The reductions referred to in the second column applies in the Federal District as long as the employer meets certain legal requirements (e.g. updated payments of VAT and social security contributions). However, different reductions apply throughout the country.


The Tax Reform states that during 1999 social security contributions paid by employers will be effectively reduced. The government has already implemented the scheduled reductions for 1999, that will vary depending on the activity and jurisdiction involved. Some of those reduction would be effective as of February 1999.


3.2 Provincial Taxes



Gross Turnover Tax: Different from the previous taxes levied by the Federal Government, Gross Turnover Tax ("GTT") is a local tax applicable in each province and the City of Buenos Aires according to their own legislations. It is a tax imposed on gross receipts from most business activities. If activities are carried out in more than one jurisdiction, the gross receipts should be allocated among the jurisdictions involved pursuant to the rules of the Convenio Multilateral, generally taking into account the proportion of income and expenses incurred in each jurisdiction. The tax rates and exemptions vary in each province, being 3% the most standard rate in the City of Buenos Aires. Higher or lower rates apply to different activities.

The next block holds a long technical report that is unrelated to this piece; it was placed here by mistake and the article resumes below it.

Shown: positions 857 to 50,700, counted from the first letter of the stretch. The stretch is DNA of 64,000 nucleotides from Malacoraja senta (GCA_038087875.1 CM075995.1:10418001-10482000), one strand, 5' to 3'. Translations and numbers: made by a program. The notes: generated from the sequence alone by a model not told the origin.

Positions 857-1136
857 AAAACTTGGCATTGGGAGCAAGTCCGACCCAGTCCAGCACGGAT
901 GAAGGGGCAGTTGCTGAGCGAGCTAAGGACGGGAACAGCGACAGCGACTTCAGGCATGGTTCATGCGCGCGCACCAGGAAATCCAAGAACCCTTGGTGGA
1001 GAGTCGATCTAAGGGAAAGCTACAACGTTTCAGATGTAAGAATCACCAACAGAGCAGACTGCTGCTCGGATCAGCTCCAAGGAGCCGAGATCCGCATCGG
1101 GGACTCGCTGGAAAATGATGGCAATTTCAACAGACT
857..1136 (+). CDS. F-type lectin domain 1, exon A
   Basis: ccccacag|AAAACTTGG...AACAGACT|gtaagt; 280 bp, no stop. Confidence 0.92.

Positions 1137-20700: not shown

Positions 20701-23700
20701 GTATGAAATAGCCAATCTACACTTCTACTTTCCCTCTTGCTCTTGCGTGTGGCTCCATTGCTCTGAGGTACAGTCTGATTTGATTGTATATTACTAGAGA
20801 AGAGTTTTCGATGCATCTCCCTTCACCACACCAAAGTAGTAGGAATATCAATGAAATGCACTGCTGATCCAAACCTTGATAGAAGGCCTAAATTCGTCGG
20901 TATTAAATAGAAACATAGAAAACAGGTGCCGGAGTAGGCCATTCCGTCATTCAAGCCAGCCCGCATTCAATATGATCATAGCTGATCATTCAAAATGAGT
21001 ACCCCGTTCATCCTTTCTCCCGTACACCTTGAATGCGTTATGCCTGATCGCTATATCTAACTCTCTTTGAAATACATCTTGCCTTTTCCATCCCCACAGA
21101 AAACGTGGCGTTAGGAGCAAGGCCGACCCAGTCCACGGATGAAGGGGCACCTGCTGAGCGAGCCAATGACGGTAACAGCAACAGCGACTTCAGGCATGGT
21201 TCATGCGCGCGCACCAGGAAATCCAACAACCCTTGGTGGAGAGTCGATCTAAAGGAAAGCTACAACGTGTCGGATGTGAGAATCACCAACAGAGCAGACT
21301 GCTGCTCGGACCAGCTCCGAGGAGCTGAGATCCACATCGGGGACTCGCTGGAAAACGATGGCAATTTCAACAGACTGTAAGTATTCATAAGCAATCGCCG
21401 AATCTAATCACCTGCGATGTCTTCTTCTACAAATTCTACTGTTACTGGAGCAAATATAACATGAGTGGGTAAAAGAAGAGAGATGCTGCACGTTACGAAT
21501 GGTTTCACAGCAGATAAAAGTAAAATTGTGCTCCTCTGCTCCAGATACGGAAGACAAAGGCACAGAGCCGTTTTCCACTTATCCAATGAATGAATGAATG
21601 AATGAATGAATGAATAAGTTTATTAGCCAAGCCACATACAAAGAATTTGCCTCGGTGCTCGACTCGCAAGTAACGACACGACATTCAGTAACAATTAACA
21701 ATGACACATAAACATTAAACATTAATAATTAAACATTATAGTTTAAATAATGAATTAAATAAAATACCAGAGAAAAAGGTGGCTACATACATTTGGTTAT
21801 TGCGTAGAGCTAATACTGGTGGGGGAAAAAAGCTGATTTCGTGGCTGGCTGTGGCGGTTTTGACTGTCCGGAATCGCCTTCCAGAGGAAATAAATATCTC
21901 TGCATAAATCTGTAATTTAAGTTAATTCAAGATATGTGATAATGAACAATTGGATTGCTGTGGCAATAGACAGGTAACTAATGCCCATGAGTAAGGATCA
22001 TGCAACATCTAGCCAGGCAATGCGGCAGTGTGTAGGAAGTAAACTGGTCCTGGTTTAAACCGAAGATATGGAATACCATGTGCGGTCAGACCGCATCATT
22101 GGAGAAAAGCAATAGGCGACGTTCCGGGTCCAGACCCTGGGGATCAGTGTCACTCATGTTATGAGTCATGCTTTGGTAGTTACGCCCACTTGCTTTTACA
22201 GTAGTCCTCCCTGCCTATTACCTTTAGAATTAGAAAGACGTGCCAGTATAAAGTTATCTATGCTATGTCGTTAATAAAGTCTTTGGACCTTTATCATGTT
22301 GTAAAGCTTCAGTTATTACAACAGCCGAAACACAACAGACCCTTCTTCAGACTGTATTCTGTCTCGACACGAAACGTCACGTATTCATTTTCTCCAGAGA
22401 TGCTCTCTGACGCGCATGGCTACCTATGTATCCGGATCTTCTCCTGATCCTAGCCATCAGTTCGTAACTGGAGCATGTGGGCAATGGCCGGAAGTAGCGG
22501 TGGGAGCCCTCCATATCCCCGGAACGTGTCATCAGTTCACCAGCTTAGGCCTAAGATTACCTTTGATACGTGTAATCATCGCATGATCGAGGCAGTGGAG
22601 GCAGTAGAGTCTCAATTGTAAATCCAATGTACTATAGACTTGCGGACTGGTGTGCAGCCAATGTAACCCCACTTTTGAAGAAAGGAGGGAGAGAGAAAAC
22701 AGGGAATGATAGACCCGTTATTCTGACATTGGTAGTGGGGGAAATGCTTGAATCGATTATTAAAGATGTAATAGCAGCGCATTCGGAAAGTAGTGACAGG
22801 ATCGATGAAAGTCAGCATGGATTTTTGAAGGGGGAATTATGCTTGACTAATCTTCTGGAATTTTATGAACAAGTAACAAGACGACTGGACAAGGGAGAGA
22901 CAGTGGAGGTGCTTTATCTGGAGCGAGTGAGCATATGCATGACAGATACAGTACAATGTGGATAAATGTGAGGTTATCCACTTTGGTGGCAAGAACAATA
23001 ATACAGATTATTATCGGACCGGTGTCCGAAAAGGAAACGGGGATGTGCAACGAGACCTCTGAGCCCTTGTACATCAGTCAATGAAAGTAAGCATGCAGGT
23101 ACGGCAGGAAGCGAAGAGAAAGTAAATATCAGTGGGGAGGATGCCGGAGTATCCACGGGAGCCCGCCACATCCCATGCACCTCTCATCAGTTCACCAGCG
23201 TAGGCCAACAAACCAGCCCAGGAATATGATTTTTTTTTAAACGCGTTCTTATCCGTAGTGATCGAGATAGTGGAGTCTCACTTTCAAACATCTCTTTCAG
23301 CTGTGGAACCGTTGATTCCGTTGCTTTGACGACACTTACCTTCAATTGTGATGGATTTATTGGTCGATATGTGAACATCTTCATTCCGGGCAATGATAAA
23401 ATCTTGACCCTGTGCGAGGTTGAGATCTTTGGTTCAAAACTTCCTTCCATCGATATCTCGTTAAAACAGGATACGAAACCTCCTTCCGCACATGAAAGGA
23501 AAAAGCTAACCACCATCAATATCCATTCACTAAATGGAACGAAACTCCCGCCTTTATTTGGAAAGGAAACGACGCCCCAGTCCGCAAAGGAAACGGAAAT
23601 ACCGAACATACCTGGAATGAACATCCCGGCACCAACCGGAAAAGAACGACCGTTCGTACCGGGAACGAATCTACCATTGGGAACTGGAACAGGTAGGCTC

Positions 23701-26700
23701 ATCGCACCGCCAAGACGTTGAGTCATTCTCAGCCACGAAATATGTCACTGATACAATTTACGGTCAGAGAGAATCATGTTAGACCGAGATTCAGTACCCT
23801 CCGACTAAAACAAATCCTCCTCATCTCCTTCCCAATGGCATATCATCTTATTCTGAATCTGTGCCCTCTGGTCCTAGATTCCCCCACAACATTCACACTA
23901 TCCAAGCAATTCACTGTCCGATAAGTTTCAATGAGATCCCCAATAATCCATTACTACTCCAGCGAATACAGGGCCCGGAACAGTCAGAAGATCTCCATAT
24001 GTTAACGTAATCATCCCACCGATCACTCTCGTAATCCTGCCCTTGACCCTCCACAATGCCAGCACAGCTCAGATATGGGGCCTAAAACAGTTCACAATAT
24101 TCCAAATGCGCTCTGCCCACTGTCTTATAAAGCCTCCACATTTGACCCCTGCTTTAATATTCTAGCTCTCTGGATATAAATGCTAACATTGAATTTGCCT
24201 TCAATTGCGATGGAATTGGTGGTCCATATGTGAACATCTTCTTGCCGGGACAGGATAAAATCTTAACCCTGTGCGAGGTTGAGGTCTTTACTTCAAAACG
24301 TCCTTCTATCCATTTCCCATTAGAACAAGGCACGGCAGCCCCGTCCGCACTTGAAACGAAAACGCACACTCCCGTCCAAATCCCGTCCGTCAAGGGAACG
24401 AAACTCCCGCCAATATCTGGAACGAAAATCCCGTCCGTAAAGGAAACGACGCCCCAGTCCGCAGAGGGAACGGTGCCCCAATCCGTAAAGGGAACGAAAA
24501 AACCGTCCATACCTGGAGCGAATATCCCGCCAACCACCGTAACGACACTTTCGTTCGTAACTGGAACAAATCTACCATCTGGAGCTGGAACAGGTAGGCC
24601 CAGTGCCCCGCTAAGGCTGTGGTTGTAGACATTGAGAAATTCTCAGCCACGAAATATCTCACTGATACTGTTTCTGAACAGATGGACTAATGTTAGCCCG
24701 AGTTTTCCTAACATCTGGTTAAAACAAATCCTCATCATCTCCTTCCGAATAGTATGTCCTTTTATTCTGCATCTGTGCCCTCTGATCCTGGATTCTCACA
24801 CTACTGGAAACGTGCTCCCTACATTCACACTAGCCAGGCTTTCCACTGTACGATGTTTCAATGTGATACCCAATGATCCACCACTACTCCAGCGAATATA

The provinces have entered into an agreement with the Federal Government (i.e "Pacto Federal para el empleo, la producción y el crecimiento"), in which they have become obliged - among other items - to exempt primary activities from gross turnover tax. Although the level of implementation of this agreement vary by province, most provinces have already implemented the exemption on primary activities.


Stamp Tax: The Stamp Tax ("ST") is a local tax levied by all the provinces. ST applies on written contracts, either executed or "having effects" within provincial territory. The term "effects" that trigger the taxable event is referred to the performance of any contractual obligation within the relevant provincial territory. As a consequence, trademark, know-how, technical assistance, services contracts - among many others - are subject to ST in the jurisdiction where such services are rendered. Although the rates, taxable events and exemptions vary by jurisdiction, the most standard rate is one per cent, applicable on the contractual price for all the term of the agreement. Higher rates apply to real estate transactions. As relevant to acquisition structures, the issues will be analyzed in Chapter VI below.